How to fix a car interior's falling ceiling

Driving down the road in a car with the ceiling cloth falling over your head is an aggravating nuisance, especially when you open your windows for a little air and the whole thing starts flapping. This cloth is called the headliner. There are a few things you can do to repair the headliner ceiling before it tears or the whole thing falls down.

Take the car to a repair shop. They will remove the old cloth and foam and replace it with new material. It will cost you anywhere from £48 to £162, depending on the make and model car you won. This is a wise way to fix the problem because they will back their work for at least a year, usually with a lifetime warranty.

Pull down all the old fabric if the ceiling looks good above it. Usually if the cloth has separated from the foam, it is pretty hard to reattach it for any length of time. If you don't want to remove the trim, cut it carefully along the edges.

Glue the ceiling back in place by poking a small hole in a spot near the back of the ceiling. Open the windows in the car, insert the tip of a spray glue, like 3M Hi-Tack Spray Adhesive 76, and spray a generous coating. Allow it to sit for 30 seconds before pushing the cloth back up in place. This is a temporary fix as it will probably fall again as the foam padding deteriorates.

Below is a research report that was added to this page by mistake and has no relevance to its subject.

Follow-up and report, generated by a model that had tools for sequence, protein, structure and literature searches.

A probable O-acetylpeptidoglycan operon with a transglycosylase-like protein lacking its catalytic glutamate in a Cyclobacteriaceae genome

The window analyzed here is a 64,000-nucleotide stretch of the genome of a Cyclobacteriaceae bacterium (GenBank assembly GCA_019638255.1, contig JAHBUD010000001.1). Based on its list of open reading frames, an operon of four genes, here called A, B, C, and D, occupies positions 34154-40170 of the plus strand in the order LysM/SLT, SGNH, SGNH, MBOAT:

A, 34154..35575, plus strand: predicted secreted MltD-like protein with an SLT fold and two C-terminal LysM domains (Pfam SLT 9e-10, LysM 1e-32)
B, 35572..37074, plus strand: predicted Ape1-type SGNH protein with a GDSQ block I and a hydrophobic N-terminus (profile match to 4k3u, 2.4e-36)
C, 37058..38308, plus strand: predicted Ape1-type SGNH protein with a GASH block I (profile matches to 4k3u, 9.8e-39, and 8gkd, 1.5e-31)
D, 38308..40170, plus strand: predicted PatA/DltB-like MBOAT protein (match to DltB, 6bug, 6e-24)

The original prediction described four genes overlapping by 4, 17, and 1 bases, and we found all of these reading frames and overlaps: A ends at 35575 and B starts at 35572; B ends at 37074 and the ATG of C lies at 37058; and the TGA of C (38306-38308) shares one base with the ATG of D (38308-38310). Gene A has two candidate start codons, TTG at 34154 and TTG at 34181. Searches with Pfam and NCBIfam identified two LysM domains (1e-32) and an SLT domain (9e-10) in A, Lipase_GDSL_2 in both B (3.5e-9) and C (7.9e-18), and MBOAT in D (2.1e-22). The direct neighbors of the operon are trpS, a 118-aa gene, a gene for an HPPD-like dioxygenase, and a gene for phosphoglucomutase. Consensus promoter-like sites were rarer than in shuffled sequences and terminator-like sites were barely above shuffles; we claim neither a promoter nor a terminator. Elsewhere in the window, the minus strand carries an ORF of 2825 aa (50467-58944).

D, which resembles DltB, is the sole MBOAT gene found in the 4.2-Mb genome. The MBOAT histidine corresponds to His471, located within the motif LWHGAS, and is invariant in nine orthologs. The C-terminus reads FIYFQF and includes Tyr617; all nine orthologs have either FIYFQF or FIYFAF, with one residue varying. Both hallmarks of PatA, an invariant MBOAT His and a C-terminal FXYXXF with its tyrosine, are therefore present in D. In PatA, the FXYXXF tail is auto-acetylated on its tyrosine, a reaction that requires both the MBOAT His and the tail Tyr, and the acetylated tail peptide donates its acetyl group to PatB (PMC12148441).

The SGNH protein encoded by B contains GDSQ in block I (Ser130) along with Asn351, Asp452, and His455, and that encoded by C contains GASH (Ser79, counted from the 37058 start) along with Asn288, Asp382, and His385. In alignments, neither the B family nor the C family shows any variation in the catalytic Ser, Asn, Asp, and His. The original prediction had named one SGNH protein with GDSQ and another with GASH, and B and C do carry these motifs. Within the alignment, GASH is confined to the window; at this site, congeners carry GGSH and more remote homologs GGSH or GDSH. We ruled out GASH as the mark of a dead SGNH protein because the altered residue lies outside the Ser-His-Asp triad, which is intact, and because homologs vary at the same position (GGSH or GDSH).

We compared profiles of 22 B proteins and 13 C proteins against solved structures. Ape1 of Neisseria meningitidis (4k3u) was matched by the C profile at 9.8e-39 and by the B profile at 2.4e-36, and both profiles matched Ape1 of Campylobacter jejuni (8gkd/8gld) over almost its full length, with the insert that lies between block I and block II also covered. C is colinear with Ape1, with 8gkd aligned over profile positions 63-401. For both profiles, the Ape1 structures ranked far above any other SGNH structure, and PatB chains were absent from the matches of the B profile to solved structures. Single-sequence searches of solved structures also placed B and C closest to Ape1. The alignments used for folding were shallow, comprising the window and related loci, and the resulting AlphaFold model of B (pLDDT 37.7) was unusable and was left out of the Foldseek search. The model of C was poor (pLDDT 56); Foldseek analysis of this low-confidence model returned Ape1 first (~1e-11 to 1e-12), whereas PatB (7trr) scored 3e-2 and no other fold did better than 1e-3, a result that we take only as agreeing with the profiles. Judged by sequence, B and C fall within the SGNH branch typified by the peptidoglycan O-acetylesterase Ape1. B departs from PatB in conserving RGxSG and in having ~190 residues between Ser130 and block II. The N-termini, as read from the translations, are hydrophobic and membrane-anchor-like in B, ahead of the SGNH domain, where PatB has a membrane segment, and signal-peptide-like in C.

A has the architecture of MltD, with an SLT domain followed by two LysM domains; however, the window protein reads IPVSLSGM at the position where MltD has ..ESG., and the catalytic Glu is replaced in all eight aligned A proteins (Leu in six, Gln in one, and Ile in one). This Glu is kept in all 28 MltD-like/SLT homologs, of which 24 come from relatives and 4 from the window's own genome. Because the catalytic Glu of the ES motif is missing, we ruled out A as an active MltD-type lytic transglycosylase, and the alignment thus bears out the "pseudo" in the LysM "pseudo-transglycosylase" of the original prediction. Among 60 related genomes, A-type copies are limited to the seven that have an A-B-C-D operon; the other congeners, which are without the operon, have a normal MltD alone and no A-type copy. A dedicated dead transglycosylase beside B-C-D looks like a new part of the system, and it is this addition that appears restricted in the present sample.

Tack the cloth back in place with cloth tacks called twist pins. You should be able to find these at fabric shops. They will go through the fabric and foam and twist into the press board liner. These will hold the headliner up for a while, but since more of the foam will disintegrate with time, you will have to cover the whole ceiling in tacks.

Pull down the whole headboard and press board form. Pull off the cloth and scrub off all the foam. Glue a new piece of cloth over the framework, cutting holes for the interior light and hanger hardware and anything else on your ceiling. Reinstall the headliner with all the edging and interior light that holds it in place.

Things You'll Need

  • 3M Hi-tack spray 76
  • Cloth twist pins
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About the Author

Maryland resident Heide Braley is a professional writer who contributes to a variety of websites. She has focused more than 10 years of research on botanical and garden articles and was awarded a membership to the Society of Professional Journalists. Braley has studied at Pennsylvania State University and Villanova University.